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    Because the California Supreme Court's recent The People v. Kolla's decision significantly expands employee whistleblower protections, employers should ensure that internal reporting procedures clearly communicate the appropriate methods of reporting and elevating suspected violations of law, say Alison Tsao and Sophia Jimenez at CDF Labor Law.

  • Pay Transparency And ESG Synergy Can Inform Initiatives

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    The proliferation of pay transparency laws and ESG initiatives has created unique opportunities for companies to comply with the challenging laws while furthering their social aims, says Kelly Cardin at Ogletree.

  • Eye On Compliance: An NLRB Primer For Private Employers

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    Many employers, especially those with nonunionized workforces, may not realize they are subject to federal labor law, but with a recent flurry of precedent-changing rulings from the National Labor Relations, understanding how to comply with the National Labor Relations Act may now be more important than ever, says Bruno Katz at Wilson Elser.

  • RETRACTED: How New Prevailing Wage Rule May Affect H-1B Employment

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    Editor's note: This guest article has been removed due to an inaccurate discussion of the status of the U.S. Department of Labor's prevailing wage rule, "Strengthening Wage Protections for the Temporary and Permanent Employment of Certain Aliens in the United States." The rule is no longer on the Biden administration's current rulemaking agenda.

  • Water Cooler Talk: Office Drug Abuse Insights From 'Industry'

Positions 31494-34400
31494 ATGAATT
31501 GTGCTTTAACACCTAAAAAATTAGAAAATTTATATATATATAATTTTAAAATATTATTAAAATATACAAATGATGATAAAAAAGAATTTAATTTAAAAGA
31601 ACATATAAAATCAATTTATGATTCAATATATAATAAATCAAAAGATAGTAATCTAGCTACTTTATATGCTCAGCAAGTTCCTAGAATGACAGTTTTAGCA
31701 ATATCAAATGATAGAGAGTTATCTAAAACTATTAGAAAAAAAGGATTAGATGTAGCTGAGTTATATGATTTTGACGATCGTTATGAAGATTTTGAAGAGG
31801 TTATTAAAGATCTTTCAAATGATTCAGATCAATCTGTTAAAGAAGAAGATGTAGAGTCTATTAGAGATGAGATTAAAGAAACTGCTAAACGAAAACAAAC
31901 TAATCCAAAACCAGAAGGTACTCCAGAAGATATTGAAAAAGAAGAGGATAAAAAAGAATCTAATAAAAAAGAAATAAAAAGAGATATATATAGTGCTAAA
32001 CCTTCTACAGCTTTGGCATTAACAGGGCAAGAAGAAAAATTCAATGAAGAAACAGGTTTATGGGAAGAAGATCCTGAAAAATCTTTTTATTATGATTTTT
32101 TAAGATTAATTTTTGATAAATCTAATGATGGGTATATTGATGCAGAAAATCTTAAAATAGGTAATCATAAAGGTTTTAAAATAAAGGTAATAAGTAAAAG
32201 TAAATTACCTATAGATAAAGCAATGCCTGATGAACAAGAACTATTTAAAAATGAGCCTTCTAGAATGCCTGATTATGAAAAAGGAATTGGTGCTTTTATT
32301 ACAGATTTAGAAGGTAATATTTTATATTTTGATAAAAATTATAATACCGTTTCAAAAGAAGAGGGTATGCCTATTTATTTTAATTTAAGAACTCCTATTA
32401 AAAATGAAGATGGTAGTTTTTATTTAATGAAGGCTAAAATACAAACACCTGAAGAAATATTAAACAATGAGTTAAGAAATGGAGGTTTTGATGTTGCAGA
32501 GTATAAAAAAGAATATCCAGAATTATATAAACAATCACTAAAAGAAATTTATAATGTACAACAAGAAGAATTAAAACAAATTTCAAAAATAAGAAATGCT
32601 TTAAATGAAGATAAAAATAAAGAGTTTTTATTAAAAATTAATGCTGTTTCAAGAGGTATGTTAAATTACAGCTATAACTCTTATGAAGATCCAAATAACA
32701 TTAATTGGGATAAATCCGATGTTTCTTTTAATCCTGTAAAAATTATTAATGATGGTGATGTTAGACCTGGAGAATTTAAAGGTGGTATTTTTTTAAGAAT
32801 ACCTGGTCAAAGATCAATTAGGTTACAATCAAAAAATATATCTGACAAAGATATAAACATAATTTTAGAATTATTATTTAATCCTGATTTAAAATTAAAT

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    Tracey Diamond and Evan Gibbs at Troutman Pepper chat with Squarespace general counsel Larissa Boz about how employees in the Max TV show "Industry" abuse drugs and alcohol to cope with their high-pressure jobs, and discuss managerial and drug testing best practices for addressing suspected substance use at work.

  • How New Pregnancy, Nursing Laws Surpass Prior Protections

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    Employers must understand how the new Pregnant Workers Fairness and PUMP Acts build on existing federal workplace laws — and they will need to make key updates to ensure compliance, say Alexandra Garrison Barnett and Leigh Shapiro at Alston & Bird, and Kandis Wood Jackson at McKinsey & Co.

  • 6th Circ. FLSA Class Opt-In Ruling Levels Field For Employers

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    By rejecting the established approach for determining whether other employees are similarly situated to the original plaintiffs in a Fair Labor Standards Act suit, the Sixth Circuit in Clark v. A&L Homecare reshaped the balance of power in favor of employer-defendants in FLSA collective actions, say Melissa Kelly and Gregory Abrams at Tucker Ellis.

  • FMLA Confusion Persists Despite New DOL Advisory

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    A recent U.S. Department of Labor advisory opinion provides some clarity regarding the Family and Medical Leave Act's handling of holiday weeks, but the FMLA remains a legal minefield that demands fact-specific analysis of each employee's unique situation, says Nicholas Schneider at Eckert Seamans.

  • East Penn Verdict Is An FLSA Cautionary Tale For Employers

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    A Pennsylvania federal jury's recent $22 million verdict against East Penn set a record for the Fair Labor Standards Act and should serve as a reminder to employers that failure to keep complete wage and hour records can exponentially increase liability exposure under the FLSA, say Benjamin Hinks and Danielle Lederman at Bowditch & Dewey.

  • Pay Transparency Laws Complicate Foreign Labor Cert.

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    State and local laws adopted to help close the gender pay gap pose challenges for U.S. companies recruiting foreign nationals, as they try to navigate a thicket of pay transparency laws without running afoul of federally regulated recruitment practices, say Stephanie Pimentel and Asha George at Berry Appleman.

  • 2 Ways Calif. Justices' PAGA Ruling May Play Out

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    In Adolph v. Uber, the California Supreme Court will soon decide whether an employee’s representative Private Attorneys General Act claims can stay in court when their individual claims go to arbitration — either exposing employers to battles in multiple forums, or affirming arbitration agreements’ ability to extinguish nonindividual claims, says Justin Peters at Carlton Fields.